All You Need To Know About Sea Walking In The Andaman Islands

A sea walk or helmet dive is a fun alternative to scuba diving and snorkelling as a way to explore the underwater world of the Andaman and Nicobar Islands
Surrounded by a shoal of fish in blue waters
Surrounded by a shoal of fish in blue waters

Snorkelling and scuba diving are the de rigueur activites to do in the Andaman and Nicobar Islands. But if you are looking for something different, look no further than sea walking. Also known as undersea walking or helmet diving, this activity is ideal for those who do not know how to swim.

In the Andaman and Nicobar Islands, undersea walking is conducted at North Bay Island near Port Blair, and at Elephant Beach in Havelock Island. Participants walk on the sea floor at a maximum depth of seven metres during high tide and in calm water.

Undersea walking tourists
Undersea walking touristsFlickr: ann523

So how do you prepare? Your head and shoulders are encased in a helmet, one that is quite similar to those worn by pearl divers. A breathing device in the form of an air hose is attached to provide oxygen. The air hose supplies fresh compressed air from an air compressor or cylinder placed in the watercraft or a platform above the water. You descend to the sea floor from the platform or boat with the help of a secure ladder, and walk under water while breathing normally.

Unlike scuba diving, you are connected to the surface and can walk around easily, which is an advantage for non-swimmers. The transparent visor of the helmet also offers an unimpeded view of your surroundings.

A participant in an undersea walk
A participant in an undersea walkFlickr: Seman Diving

Safety is taking seriously at all times. An underwater guide with scuba gear and a secondary air source for emergencies instructs the helmet divers during the sea walk. Another guide wearing a mask, snorkels, and fins uses a surface swimming monitor to follow the trajectory of the helmet divers, thus ensuring their overall safety and well-being.

The air supply monitor on the boat or the overhead platform ensures that the required air supply is maintained at all times when the sea walk is taking place, and that a reserve air supply is always readily available. A maximum of nine participants are taken for the sea walk and the activity takes around 15-20 minutes.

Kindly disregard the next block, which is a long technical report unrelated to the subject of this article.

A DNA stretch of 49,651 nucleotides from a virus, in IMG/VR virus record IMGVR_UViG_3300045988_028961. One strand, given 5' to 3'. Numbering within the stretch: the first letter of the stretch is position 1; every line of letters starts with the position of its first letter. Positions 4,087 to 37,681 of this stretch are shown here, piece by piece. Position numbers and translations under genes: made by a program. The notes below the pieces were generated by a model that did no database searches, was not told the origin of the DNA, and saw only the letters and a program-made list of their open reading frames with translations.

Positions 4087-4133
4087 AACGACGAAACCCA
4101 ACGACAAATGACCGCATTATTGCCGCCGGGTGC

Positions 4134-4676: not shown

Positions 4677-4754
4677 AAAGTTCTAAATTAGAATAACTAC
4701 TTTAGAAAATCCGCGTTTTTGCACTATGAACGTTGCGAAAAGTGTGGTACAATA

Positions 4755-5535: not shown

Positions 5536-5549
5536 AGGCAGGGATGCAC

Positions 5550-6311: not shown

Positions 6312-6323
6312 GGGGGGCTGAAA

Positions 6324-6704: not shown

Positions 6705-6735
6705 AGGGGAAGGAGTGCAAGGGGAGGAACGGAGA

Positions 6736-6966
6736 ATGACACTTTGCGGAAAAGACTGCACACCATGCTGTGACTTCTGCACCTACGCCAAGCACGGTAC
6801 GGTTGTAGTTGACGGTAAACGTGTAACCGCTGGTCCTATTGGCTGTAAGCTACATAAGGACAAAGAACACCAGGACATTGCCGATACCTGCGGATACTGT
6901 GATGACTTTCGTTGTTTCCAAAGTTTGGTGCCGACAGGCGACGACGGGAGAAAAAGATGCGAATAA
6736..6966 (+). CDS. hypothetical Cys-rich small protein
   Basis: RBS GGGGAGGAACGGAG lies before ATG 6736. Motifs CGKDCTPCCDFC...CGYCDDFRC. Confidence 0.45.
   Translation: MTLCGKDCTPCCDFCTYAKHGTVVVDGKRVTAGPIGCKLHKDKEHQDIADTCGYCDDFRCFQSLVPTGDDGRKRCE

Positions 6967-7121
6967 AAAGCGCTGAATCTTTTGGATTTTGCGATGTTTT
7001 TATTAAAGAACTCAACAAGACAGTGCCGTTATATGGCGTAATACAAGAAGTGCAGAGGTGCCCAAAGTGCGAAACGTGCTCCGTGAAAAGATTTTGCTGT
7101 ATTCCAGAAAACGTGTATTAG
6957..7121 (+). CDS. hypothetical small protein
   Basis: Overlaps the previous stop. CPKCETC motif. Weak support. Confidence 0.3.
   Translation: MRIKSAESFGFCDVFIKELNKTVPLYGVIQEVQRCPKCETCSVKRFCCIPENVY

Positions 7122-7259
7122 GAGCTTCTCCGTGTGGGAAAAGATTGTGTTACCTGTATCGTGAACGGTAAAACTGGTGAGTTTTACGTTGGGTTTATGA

A view of the marine life while undersea walking
A view of the marine life while undersea walkingFlickr: Funky Clarence

While a healthy youngster or adult can participate in a sea walk, those suffering from certain medical conditions may be prohibited because of safety concerns. It is advisable to fill in the registration form honestly as wrong information can jeopardise one's well-being.

As per the requirements set down by the local administration, kids below seven years are not allowed to sea walk. Chidren between seven and 15 years of age should be accompanied by an adult during the underwater trail. It is also mandatory for helmet divers of legal age, or a parent or legal guardian in case of a minor, to read and sign an assumption of risk and release of liability waiver prior to participating in the activity.

A guide overlooking prepartions for an undersea walk
A guide overlooking prepartions for an undersea walkFlickr: shankar s.

As the sea walk is usually held on a first come, first serve basis, it is best to inquire about its timings from sea walk tour operators. This activity is also subject to weather conditions.

Prior to a helmet dive, the manager of the helmet diving company is legally required to provide a description of the activity and information on the local marine life, conservation issues, and safety procedures.

Elephant Beach at Havelock Island is an ideal spot for undersea walking
Elephant Beach at Havelock Island is an ideal spot for undersea walkingFlickr: sarat talluri

Sea walk operators and participants are also required to follow rules that safeguard the marine environment. These include not conducting the activity at a distance of more than 500m from the nearest land; holding the activity only along approved trails and at a minimum distance of 1-5m from corals; no touching of any coral or marine life; not feeding the fish, etc.

With the experts on hand and these safety precautions in mind, we hope your next sea walking adventure is a thrilling and memorable experience.

How to get there: Take a plane ride to Veer Savarkar International Airport in Port Blair. Use a private or government-run ferry to cross the distance from Port Blair to Havelock Island, which is about 73 km and takes about four and a half hours.

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